It embodies a race to the bottom that rather than offering respite from their suffering, current US policy compounds the dangers. The legal right to claim asylum in the US has been blocked by a “wall” of policies and practices that make it impossible to access protection guaranteed by US and international law. This blocks the passage of the Cuban dissident I met as well as the Honduran woman.  

The IRC-supported shelters I visited in Juarez, specifically catering to the needs of women, girls and the LGBTQ community, are underserved and overstretched – all against the backdrop of cartel and gang violence in Mexico, and especially along the border, so elevated it made last year the country’s deadliest.  For IRC clients I spoke to the journey in the hands of smugglers, the crossing of the Rio Grande, the sicarios prowling the border, were traumatic. So was their treatment as criminals in the US. As an IRC client and mother from Guatemala told me in Dallas, ‘It feels like another river to cross.’ Then the “Migrant Protection Policy” feels like a migrant danger policy when they are sent back to Mexico.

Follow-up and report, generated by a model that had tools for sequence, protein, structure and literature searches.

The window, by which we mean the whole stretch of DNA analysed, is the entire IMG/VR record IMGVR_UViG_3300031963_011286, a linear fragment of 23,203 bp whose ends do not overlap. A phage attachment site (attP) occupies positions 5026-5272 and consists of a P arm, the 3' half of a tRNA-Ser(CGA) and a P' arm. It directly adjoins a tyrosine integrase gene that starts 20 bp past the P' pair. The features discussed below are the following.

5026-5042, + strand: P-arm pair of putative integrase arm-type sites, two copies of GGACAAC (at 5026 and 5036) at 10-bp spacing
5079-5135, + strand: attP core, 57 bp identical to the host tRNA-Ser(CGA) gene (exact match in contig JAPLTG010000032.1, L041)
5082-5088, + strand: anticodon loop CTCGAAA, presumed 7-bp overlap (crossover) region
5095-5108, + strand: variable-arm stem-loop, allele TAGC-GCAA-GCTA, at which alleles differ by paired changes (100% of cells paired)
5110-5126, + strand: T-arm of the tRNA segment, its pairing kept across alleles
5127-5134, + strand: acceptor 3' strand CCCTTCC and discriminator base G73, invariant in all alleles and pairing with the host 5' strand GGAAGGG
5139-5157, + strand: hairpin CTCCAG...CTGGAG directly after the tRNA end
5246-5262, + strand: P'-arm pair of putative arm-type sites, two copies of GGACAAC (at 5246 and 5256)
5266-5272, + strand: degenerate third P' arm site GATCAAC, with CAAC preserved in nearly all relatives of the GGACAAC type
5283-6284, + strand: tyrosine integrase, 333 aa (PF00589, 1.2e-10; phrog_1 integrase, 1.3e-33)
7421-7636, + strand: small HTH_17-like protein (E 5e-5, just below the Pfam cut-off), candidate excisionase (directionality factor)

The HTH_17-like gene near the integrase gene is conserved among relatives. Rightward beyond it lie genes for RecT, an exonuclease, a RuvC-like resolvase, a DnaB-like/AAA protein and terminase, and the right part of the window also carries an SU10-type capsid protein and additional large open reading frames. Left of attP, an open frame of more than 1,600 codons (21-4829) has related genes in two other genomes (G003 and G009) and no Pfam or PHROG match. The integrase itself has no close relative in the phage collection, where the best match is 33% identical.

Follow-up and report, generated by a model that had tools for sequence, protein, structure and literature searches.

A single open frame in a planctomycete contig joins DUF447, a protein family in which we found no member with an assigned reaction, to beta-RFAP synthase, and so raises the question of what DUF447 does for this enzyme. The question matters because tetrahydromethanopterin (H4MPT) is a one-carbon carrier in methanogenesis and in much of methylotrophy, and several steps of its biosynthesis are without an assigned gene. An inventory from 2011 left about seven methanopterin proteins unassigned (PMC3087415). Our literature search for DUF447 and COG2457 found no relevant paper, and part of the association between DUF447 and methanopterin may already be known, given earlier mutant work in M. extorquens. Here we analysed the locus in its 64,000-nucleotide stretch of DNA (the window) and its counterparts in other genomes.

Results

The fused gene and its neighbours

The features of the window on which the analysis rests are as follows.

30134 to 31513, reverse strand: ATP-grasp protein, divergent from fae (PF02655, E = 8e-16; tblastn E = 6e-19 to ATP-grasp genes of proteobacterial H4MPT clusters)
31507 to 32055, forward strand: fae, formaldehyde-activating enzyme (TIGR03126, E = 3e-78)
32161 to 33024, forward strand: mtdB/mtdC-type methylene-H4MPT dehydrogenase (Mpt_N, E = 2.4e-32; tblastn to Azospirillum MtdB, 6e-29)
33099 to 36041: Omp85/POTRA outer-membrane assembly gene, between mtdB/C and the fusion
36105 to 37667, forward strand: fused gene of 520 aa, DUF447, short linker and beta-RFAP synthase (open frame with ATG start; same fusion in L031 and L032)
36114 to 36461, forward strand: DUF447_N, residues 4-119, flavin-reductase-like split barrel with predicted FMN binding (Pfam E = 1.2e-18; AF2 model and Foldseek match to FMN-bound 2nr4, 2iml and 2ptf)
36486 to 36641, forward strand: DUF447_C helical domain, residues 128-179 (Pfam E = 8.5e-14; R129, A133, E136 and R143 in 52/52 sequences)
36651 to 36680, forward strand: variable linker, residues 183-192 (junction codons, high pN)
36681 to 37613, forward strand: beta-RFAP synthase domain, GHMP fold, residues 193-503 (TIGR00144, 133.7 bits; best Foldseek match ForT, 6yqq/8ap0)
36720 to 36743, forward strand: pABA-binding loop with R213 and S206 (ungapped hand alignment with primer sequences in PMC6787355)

As the world’s most powerful country, the US can and should do better than to put families in harm’s way.  There needs to be a way of discussing the need for humanity, legality and stability in migration policy – even in election year, in fact especially in election year. A humane immigration and refugee policy – based on a credible, competent, effective, rights-respecting system for identifying protection claims – is not just the right and smart thing to do, it is critical to the futures of thousands of Americans and their families. In Dallas, where one in four residents is foreign-born, I was able to see IRC’s work integrating refugees and asylum-seekers in partnership with the local community – in contrast to the state of Texas’ decision to “opt out” of refugee resettlement. The consequence of that is not only to endanger families, but to forfeit the $4.6 billion per year refugees are estimated to contribute to the state of Texas alone.